The Eagles won, but I was even happier to make it a more robust use of my time. Thanks for the free milk, FRC.

     

  • I was recently asked, “How do you approach the conversation of innovation within a company when you are a board member vs the CEO?”

    First I think I have to start with the board member distinction as it’s a meaningful one. I usually describe the board role to be more like “grandparenting” versus the “parenting” role of an operator.  When you are the CEO, you are the parent of the org. You are hands-on and accountable for the totality of results. It’s your team, your baby, your strategy, albeit with a lot of extra helpful hands on the wheel. You are appointed and held accountable by the board of directors.

    As a board member, you are a grandparent of the org. Your value-add, beyond that of governance, is not to pull operational levers or to try to do the parents’ job, but to share your stories (hopefully not the same ones all the time), which can highlight perspective and experience so that the actual parents (CEO, ELT, etc.) can make better and more informed decisions. You hope they potentially avoid some of the less obvious pitfalls that you may be able to inform them of, but you acknowledge that the decisions are theirs. You hopefully also acknowledge (realize) your business is or was different from theirs.

     

    Relating to the topic of innovation itself, I think this is still very straightforward. It’s still an exercise in creating new value for the company and I still approach the framework in the same way as I would as a CEO. I would ensure the following questions are addressed in a constructive way although, from experience, the process is usually not this structured:

    1. Customer Insights and Value Map – Do we know enough about the customer to invest our innovation dollars in places for more certain return or the most efficient payback period? If no, can we invest more to learn more? If yes, have we ranked the macro roadmap by a matrix of 1) resource and time needs, 2) value realized or risk mitigated, and 3) time period before we realize the impact of our work? This is a shorter lens conversation with hopefully the lightest lifts with the biggest impacts and shortest payback periods bubbling up. I’d also probably call it an investment framework vs an innovation framework, but these insights are useful to 2 and 3 below, as well.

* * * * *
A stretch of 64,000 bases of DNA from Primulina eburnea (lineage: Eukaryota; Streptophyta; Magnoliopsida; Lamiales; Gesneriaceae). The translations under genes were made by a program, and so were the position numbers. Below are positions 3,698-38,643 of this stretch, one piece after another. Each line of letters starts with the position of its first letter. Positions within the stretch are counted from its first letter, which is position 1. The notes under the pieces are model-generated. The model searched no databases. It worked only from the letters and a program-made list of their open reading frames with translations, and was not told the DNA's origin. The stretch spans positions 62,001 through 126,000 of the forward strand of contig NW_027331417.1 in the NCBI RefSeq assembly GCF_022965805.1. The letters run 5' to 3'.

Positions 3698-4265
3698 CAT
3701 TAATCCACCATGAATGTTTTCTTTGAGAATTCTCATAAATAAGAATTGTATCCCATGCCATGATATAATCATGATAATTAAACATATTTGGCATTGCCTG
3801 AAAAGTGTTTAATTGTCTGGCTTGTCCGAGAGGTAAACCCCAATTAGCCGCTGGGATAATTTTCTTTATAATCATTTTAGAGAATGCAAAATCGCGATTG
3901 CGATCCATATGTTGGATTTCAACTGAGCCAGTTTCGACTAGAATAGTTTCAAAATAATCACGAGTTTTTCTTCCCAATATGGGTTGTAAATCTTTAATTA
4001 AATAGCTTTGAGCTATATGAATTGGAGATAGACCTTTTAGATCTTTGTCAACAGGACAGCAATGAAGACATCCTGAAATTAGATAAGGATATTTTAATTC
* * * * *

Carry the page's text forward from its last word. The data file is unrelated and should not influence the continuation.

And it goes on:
2. Saturation – Where are we on the saturation time curve with our current products or services? Do we need to invest in innovation in places which will augment or displace our current revenue streams in the medium to long term? Are current revenue streams becoming more efficient or deleveraging? Many times it’s hard to place a couple new bets each year with 2-to-3-year payback periods, but the best and most robust companies get over the pain of the investment window and make the new investments happen to ensure their businesses are not focused solely on incremental wins. Many do not, especially if they are held hostage by quarterly guidance or current underperformance. As a side note, at RevZilla we continually expanded our offering structurally with new products and segments in the market, but on my watch, we never had to dramatically change our model outside of spinning up our own vertical brand(s).
    3. Disruption – The last question I ask is the silver bullet question or the silver bullet question in reverse. “What’s the silver bullet or innovation that would kill us?” If there is a clear picture of what actually could be disruptive to the current model, a great conversation is a debate about the pros and cons of disrupting ourselves before someone else does. The other way you could view this would be to ensure your industry is not at a strategic inflection point a la Andy Grove’s book, Only the Paranoid Survive. If you had a silver bullet you should know which company to fire at.  If you don’t obviously know the competitor to shoot, your industry may be changing around you faster than you are keeping up. You have to watch for that as well.